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2016 Press Releases
Idaho Department of Finance Earns Banking Supervision Re-accreditation
California and Missouri Begin Using Uniform Mortgage Test; 50 State Agencies Now Using the Test
North Dakota Department of Financial Institutions Receives Certificate of Mortgage Accreditation
CSBS Names Jim Kurtzke Vice President of Communications
CSBS Announces 2016 Community Bank Case Study Competition Participants
SRR Releases 2015 Annual Report
Colorado Begins Using Uniform Mortgage Test; 51 State Agencies Now Using the Test
Gonzales Appointed to FFIEC State Liaison Committee
Scott Corscadden Named New NMLS Ombudsman
FFIEC Seeks Comments on Proposed Revisions
Financial Regulators Release New Appendix for Retail Payment Systems Booklet
Face Appointed to FFIEC State Liaison Committee
Lawson Elected as State Liaison Committee Chairman
Multi-State Non-Bank Supervision Groups Release Annual Reports
CSBS Releases 2015 Annual Report
12 Student Teams Named Finalists in 2016 Community Bank Case Study Competition
CSBS and MTRA Issue White Paper on State Supervision of MSBs
CSBS Announces New Leadership
Texas Department of Savings and Mortgage Lending Receives Mortgage Reaccreditation
CSBS Announces Winners of the 2016 Community Bank Case Study Competition
CSBS Chairman Challenges State and Federal Regulators to Work Together
Illinois Begins Using Uniform Mortgage Test; 52 State Agencies Now Using the Test
West Virginia Department of Financial Institutions Receives Banking Reaccreditation
FFIEC Issues Statement on Safeguarding the Cybersecurity of Interbank Messaging and Payment Networks
Statement on the Financial CHOICE Act
Statement on Introduction of the Bank Service Company Examination Coordination Act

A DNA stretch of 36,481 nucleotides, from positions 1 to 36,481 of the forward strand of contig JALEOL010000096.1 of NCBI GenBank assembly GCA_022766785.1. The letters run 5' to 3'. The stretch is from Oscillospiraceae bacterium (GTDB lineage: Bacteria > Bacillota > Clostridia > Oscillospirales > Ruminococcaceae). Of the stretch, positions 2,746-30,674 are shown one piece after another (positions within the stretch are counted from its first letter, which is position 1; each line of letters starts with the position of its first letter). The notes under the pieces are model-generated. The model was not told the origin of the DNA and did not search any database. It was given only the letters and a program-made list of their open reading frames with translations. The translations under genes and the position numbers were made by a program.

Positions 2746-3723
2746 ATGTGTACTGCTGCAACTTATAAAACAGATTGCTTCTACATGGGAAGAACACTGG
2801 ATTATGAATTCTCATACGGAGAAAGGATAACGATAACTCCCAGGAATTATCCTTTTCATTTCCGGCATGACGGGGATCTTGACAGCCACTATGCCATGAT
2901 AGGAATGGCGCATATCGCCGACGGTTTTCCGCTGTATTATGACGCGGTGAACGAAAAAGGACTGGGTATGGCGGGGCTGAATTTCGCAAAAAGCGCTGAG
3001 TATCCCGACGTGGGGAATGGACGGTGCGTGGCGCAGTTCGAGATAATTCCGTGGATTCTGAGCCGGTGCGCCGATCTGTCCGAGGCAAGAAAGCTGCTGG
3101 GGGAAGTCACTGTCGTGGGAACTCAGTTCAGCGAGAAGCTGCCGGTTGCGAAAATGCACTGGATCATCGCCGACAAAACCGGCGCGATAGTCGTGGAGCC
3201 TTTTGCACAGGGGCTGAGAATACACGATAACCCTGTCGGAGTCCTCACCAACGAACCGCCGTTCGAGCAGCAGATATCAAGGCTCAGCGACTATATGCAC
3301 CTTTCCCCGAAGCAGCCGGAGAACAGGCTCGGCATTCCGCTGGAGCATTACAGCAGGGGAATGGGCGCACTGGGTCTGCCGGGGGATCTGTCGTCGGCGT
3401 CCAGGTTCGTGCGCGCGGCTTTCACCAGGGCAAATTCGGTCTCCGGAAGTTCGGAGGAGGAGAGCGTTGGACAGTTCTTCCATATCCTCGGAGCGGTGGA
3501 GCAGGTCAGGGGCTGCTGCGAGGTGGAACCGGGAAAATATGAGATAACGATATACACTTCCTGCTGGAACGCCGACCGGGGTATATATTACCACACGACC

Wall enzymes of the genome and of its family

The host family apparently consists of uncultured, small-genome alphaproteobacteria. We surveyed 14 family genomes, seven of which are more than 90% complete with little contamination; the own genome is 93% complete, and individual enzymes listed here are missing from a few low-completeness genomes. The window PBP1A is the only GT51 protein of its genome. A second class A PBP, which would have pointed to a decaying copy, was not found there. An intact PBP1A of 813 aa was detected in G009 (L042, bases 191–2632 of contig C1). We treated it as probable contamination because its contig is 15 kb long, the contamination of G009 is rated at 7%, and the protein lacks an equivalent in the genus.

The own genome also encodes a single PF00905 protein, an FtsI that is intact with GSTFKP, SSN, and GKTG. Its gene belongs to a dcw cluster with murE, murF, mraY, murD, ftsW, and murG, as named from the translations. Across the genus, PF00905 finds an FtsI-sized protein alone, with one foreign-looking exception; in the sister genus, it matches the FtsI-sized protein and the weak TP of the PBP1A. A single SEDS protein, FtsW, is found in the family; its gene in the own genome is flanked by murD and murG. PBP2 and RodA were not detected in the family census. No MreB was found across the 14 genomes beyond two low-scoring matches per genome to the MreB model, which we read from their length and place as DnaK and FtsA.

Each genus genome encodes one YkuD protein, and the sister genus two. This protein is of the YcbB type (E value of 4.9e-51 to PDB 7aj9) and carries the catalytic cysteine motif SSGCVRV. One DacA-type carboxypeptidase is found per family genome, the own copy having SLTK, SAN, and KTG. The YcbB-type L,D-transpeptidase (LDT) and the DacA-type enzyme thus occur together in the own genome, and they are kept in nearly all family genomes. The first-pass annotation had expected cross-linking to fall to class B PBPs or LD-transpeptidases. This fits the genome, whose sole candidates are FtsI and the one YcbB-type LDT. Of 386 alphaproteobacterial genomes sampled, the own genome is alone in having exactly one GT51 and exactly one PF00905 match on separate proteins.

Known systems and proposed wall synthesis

New Call Report to Streamline Supervision of Money Services Businesses
Fed/CSBS 2016 Community Banking Research Conference to Be Held Sept. 28-29
FFIEC Invites Public Comment on Streamlined "Call Report" for Smaller Institutions
Fed/CSBS Announce Papers Selected for the 2016 Community Banking Research Conference
Financial Regulators Release Revised Information Security Booklet
White Paper Discusses Opportunities for Community Banks to Collaborate
NMLS Launches New Capabilities to Streamline State Licensing Processes
North Carolina Commissioner Ray Grace Appointed
CSBS Releases Second Quarter NMLS
Federal Financial Institutions Examination Council Announces Availability of 2015 Data on Mortgage Lending
Federal Reserve and CSBS Release Findings from 2016 National Survey of Community Banks
Washington Department of Financial Institutions Earns Bank, Mortgage Accreditation
CSBS-Federal Reserve Research Conference Describes the Value and Business Prospects of Community Banks
FFIEC Announces Webinars in Observance of Cybersecurity Awareness Month
Maryland Office of the Commissioner of Financial Regulation Receives Accreditation of Mortgage Supervision Program
CSBS Names Tom Bayer Executive Vice President and Chief Information Officer
FFIEC Issues Frequently Asked Questions Guide on the Cybersecurity Assessment Tool
Third Annual “Your License is Your Business Campaign” Launches Today
CSBS Releases Map of State Requirements for Opening Bank Accounts for Minors
FFIEC Issues Uniform Interagency Consumer Compliance Rating System
State Regulators Oppose OCC Fintech Charter